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Publication numberUS6313820 B1
Publication typeGrant
Application numberUS 09/239,597
Publication dateNov 6, 2001
Filing dateJan 29, 1999
Priority dateJan 29, 1999
Fee statusLapsed
Publication number09239597, 239597, US 6313820 B1, US 6313820B1, US-B1-6313820, US6313820 B1, US6313820B1
InventorsRene P. Helbing, Mark M. Butterworth
Original AssigneeHewlett-Packard Co.
Export CitationBiBTeX, EndNote, RefMan
External Links: USPTO, USPTO Assignment, Espacenet
Method of operating a ferroelectric liquid crystal spatial light modulator in non-DC balanced mode with decreased pixel sticking
US 6313820 B1
Abstract
A method of operating a ferroelectric liquid crystal-based spatial light modulator in a non-DC-Balanced mode to delay the onset of pixel sticking. The method includes providing a spatial light modulator including a transparent electrode, a pixellated electrode, and a ferroelectric liquid crystal layer sandwiched between the transparent electrode and the pixellated electrode. The spatial light modulator is illuminated with a light source for an illumination time. A portion of the pixellated electrode is set to a high drive signal voltage level during a first portion of illumination time, and set to a low drive signal voltage level during a second portion of the illumination time. The transparent electrode is maintained at a first voltage potential between the high drive signal voltage level and the low drive signal voltage level during the first and second portions of illumination time. The spatial light modulator is then darkened for a darkened time. The transparent electrode voltage potential is raised to a positive spiking voltage exceeding the first voltage potential for a first portion of the darkened time. The transparent electrode voltage potential is then lowered to a negative spiking voltage below the first voltage potential for a second portion of the darkened time. The method according to the invention then repeats itself beginning with the step of illuminating the spatial light modulator.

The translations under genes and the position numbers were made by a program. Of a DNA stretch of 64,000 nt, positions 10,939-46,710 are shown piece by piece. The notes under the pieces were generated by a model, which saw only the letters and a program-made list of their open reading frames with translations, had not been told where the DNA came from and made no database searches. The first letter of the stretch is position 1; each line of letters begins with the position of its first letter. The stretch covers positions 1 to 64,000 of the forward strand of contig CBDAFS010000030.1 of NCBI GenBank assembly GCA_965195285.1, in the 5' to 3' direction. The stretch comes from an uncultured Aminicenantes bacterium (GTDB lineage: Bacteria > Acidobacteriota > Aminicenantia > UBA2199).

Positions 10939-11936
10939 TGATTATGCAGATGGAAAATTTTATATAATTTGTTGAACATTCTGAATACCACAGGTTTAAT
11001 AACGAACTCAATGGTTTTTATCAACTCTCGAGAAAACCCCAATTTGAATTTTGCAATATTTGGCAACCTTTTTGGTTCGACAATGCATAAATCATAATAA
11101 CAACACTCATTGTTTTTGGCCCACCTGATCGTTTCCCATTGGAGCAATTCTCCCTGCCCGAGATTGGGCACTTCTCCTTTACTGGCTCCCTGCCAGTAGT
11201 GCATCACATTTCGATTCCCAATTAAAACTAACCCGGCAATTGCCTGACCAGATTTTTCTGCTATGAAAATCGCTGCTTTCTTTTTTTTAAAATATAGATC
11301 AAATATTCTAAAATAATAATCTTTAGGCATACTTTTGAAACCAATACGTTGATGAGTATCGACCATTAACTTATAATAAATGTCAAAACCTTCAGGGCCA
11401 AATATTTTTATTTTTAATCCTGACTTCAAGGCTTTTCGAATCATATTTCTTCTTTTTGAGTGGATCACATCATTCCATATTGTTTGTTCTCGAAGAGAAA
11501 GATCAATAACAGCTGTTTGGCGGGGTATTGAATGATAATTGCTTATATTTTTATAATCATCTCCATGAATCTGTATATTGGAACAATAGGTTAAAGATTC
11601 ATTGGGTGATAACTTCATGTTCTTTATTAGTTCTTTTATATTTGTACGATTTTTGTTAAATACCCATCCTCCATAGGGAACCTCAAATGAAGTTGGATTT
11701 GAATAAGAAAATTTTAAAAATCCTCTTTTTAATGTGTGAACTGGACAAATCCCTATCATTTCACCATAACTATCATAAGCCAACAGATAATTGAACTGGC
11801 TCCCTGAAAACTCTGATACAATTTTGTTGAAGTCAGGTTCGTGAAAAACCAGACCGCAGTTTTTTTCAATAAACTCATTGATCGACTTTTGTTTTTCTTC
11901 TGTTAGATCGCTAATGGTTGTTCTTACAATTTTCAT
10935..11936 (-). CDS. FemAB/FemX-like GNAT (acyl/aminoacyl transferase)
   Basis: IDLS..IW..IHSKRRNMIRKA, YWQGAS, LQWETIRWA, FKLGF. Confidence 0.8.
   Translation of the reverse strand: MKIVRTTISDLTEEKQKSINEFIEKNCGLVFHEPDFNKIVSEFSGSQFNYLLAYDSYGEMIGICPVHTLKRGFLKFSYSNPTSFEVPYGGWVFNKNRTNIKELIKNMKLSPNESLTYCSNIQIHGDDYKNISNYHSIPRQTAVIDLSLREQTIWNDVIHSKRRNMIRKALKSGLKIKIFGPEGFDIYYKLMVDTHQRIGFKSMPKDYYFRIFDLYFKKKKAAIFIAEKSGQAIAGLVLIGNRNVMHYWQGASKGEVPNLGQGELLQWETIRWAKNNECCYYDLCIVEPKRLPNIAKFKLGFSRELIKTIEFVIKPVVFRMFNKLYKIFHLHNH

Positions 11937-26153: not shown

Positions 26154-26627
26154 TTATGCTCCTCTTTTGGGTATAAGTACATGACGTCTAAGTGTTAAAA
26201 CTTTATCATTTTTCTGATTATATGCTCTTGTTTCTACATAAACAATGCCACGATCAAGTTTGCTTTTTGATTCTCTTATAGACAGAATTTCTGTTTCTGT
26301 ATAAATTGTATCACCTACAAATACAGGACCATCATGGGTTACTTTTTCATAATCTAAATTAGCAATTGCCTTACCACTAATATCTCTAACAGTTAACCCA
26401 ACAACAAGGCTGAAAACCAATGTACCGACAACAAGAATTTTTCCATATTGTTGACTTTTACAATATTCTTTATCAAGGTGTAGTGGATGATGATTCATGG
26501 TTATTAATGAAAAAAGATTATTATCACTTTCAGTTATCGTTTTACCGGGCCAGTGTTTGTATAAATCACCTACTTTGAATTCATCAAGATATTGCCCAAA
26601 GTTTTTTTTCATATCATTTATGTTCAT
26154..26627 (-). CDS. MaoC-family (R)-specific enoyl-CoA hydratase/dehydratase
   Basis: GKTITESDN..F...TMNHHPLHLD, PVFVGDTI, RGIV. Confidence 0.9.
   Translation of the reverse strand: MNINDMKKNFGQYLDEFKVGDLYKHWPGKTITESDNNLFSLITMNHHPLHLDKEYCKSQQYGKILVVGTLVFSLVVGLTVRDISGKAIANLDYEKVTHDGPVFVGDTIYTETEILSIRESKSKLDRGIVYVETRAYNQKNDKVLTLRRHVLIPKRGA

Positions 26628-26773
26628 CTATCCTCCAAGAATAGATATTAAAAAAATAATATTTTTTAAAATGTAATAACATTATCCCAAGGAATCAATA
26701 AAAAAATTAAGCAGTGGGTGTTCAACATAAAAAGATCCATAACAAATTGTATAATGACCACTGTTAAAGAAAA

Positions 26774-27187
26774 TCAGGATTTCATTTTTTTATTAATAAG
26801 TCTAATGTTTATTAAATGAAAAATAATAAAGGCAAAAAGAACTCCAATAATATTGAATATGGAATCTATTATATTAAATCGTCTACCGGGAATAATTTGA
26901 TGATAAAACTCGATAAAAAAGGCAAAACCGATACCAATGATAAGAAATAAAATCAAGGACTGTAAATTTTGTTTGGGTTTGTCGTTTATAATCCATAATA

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Claims(16)
We claim:
1. A method of operating a ferroelectric liquid crystal-based spatial light modulator in a non-DC-Balanced mode, the method comprising:
A) providing a spatial light modulator including a transparent electrode, a pixellated electrode, and a ferroelectric liquid crystal layer sandwiched between the transparent electrode and the pixellated electrode;
B) illuminating the spatial light modulator with a light source;
C) setting a portion of the pixellated electrode to a high drive signal level during a first portion of illuminated time;
D) setting the portion of the pixellated electrode to a low drive signal level during a second portion of illuminated time;
E) maintaining the transparent electrode at a first voltage potential between the high drive signal and the low drive signal during the first and second portions of illuminated time;
F) darkening the spatial light modulator;
G) setting the voltage of the transparent electrode voltage potential to a positive spiking voltage exceeding the first voltage potential for a first portion of darkened time;
H) lowering the transparent electrode voltage potential to a negative spiking voltage below the first voltage potential for a second portion of darkened time; and
I) repeating steps B) through I).
2. A method as in claim 1, additionally comprising after step H) and before step I):
raising the transparent electrode voltage potential to a second positive spiking voltage exceeding the first voltage potential for a third portion of darkened time.
3. A method as in claim 1, in which step H) occurs before step G) and additionally comprising after step G) and before step I):